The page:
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International Monetary Fund, World Bank Bring Global Financial System Risks to Light

 The International Monetary Fund (IMF) and the World Bank are gathering this week to discuss the state of the global financial system, which has many worried because of emerging markets and heightened trade tensions. The meetings are held in Bali and include a review of current risks to the world's financial well-being.

On Oct. 10, Reuters reported "easy financial conditions," such as high debt levels and "stretched" asset valuations, are fueling economists' concerns, following IMF's report that tightening financial conditions have caused near-term risks to increase. While economies may not feel pressure at the moment, IMF capital markets director Tobias Adrian said in the article that high inflation could cause interest rates to skyrocket when least expected.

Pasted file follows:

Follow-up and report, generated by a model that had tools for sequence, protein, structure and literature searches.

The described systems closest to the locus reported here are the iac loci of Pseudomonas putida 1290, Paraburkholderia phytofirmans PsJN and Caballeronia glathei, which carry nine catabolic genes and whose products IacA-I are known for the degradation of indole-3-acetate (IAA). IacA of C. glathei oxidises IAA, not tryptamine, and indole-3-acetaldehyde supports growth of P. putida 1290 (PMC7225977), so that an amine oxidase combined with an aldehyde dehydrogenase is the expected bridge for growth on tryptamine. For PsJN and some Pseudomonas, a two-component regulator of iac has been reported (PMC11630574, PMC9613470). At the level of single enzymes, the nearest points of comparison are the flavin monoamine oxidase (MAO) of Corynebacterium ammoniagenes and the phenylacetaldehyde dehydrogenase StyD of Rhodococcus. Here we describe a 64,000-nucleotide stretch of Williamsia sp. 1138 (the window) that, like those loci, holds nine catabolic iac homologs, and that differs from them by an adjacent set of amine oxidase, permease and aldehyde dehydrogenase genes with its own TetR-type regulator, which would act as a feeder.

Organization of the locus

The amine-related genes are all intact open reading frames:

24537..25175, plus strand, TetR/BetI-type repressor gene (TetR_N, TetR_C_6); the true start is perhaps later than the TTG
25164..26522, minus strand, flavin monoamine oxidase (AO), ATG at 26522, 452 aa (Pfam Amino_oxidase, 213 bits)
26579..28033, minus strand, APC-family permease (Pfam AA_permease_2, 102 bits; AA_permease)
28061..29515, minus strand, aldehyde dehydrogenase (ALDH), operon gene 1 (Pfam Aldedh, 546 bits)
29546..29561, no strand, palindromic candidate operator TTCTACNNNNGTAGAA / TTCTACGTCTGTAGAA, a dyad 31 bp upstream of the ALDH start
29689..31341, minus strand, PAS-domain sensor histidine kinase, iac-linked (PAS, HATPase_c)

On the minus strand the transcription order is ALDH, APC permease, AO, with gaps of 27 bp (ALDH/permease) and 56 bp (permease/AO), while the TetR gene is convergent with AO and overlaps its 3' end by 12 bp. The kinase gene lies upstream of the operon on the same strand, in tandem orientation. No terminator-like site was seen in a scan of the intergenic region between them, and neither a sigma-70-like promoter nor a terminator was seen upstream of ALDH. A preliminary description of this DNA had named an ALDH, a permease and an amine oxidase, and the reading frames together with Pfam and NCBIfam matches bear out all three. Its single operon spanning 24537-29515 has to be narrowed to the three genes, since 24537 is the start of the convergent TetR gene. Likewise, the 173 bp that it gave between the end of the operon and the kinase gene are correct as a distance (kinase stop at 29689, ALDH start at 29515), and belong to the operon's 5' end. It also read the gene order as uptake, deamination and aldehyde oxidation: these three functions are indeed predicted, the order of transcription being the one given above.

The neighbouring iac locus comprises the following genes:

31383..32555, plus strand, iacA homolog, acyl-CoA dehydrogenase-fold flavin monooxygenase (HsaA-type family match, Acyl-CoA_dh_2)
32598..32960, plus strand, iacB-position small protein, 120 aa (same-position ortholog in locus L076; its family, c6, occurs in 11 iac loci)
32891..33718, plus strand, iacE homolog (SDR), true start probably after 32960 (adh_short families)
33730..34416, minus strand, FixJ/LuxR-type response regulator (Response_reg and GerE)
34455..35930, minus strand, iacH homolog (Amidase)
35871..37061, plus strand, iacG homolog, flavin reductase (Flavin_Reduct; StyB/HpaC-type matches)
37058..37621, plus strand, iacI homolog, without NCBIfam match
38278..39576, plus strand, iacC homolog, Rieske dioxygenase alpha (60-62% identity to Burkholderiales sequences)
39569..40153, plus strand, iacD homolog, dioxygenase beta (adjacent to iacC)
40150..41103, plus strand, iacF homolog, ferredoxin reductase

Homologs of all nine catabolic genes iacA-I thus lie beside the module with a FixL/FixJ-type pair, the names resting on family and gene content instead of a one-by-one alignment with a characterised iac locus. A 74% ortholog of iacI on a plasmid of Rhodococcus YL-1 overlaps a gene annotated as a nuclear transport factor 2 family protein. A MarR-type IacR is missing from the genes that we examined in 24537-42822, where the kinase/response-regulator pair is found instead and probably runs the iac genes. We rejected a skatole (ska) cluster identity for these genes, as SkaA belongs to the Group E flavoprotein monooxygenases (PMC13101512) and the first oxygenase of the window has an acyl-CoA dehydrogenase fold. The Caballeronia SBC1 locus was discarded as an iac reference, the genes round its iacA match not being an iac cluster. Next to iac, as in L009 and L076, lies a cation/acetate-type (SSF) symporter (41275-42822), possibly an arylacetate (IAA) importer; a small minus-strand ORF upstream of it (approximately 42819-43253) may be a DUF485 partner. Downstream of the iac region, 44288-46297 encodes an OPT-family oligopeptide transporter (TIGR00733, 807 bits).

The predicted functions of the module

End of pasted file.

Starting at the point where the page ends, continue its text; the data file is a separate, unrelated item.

"In the report, the IMF said economic growth appears to have peaked in some major economies while the gap between advanced countries and emerging markets was widening," Reuters states. "The IMF on [Oct. 9] cut its global growth forecasts due to an escalating U.S.-China trade war and growing financial strains on emerging markets."

Economic conditions in the U.S. are holding strong, despite an interest rate increase by the Federal Reserve in September and another expected to follow in December. Meanwhile, slow conditions are seen in the euro area and Japan, Reuters noted, with moderate conditions in China—a status that could change depending on the country's trade dispute with the U.S. The IMF recommends global regulators "keep in place measures" enacted during the financial crisis a decade ago as a precaution.

—Andrew Michaels, editorial associate
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Tuesday, 11 December 2018

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